After that, I lived in Flagstaff, off the highway to the Grand Canyon in the mountains. Now I'm living in the middle of a national forest... there are tarantulas in my kitchen and I go swimming in a little creek. This new life is the complete opposite of Barcelona; instead of learning a new language, I'm learning to keep bugs out of the house. Instead of buying 220 volt to 110 volt adapters, I'm buying surge protectors to protect against the monsoon lightning storms that destroyed so much of my equipment last year. Instead of worrying about my dogs getting hit by cars, I worry about mountain cougars and coyotes. How this all influences my music, I don't know. I hope it makes it more human… in the positive sense.
Strange days then? It sounds like you’re getting to grips with a pretty intense reverse culture shock?
At first I would say “Gracias!” every time I bought something. To me the culture shock was to go from living in downtown Barcelona, surrounded by ancient buildings, to the alienated suburbs of Flagstaff. I hate the suburbs. At first I thought it was cool ‘cause we had a giant house, but after a while I just felt cut off. I wanted to walk out of my house, get a baguette, get some coffee, simple things like random conversations, you know - the lack of depth sometimes can be really depressing. In Europe I could just ask someone a question and they would tell me all their tales of the strange world they come from, complete with interesting ways to view the world. When I came home I was ready though, so there wasn't much culture shock. I was just happy to be back in the US.
Since returning, you’ve also been living and recording with the Skyrider Band. Who is involved and what’s the premise of the LP you’re about to let loose with these chaps?
The Skyrider band, to me, is the realisation of the music I have been trying to make all along. The producer is Bud Berning, the drummer is John Wagner, and the instrumentalist is Ryan Fritch. Their sound is very ‘goddy’, dark, heavy, and varied. That's the kind of music we're aiming to make: real heavy, huge, original. This project is my main focus and we've already begun working on the second album.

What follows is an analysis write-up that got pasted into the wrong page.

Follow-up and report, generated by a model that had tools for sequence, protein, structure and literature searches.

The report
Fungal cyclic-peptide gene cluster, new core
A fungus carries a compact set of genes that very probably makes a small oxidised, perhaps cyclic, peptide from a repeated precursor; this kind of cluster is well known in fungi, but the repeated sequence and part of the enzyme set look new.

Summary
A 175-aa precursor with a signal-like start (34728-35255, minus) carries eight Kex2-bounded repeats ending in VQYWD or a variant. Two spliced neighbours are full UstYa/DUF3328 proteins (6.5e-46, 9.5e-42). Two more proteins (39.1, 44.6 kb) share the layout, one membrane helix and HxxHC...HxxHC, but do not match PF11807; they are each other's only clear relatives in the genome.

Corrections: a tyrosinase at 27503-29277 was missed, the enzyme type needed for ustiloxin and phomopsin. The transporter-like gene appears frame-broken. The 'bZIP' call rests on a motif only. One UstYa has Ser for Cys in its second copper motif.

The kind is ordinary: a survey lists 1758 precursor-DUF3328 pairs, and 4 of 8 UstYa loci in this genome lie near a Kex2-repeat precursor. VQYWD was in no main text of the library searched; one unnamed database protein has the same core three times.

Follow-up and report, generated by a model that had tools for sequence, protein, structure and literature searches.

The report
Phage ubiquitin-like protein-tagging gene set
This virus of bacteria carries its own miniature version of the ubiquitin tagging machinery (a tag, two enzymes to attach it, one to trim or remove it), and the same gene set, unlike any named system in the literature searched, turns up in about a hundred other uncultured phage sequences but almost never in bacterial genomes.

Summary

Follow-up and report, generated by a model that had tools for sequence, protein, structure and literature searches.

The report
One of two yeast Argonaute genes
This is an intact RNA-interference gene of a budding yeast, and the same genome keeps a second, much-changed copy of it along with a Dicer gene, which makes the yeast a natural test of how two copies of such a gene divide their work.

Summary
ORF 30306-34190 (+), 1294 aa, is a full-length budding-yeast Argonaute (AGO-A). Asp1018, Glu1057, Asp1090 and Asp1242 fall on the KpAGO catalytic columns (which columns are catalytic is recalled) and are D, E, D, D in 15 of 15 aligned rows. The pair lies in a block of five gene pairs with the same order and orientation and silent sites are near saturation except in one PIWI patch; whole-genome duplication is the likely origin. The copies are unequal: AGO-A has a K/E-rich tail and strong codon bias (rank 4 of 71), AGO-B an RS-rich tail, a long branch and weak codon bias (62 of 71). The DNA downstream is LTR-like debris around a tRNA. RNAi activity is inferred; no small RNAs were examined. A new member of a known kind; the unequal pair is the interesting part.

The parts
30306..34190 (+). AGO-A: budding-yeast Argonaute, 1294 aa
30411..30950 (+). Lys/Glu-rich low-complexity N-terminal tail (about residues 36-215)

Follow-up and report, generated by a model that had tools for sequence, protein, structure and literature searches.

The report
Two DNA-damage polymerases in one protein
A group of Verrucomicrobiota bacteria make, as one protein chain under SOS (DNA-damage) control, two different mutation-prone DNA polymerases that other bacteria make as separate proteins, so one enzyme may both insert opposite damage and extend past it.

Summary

Sounds promising. Can we expect to see it live, on these shores?
We intend to be on a very intensive touring schedule, and we're coming to Europe in November. This isn’t some contrived ‘sole with a band’ project; it’s something I'm very excited about. They're great guys, we have a lot of fun, and the music we make reflects that… I would never use the word ‘fun’ to describe my music.
This isn't going to be like Body Count though, is it?
You've expressed a passion for gangsta rap in recent times. When are we going to get a taste of the NWA homage that you and your mate Sage Francis must have bubbling up between you?
I'm actually working on a record now called Desert Eagle, and it draws a lot of influence from grime and southern rap. It won’t be over the top, but it should be quite gangsta.
Poly.sci.187 by mansbestfriend is out now. The eponymous debut album by Sole and the Skyrider Band is out on October 22 via Anticon.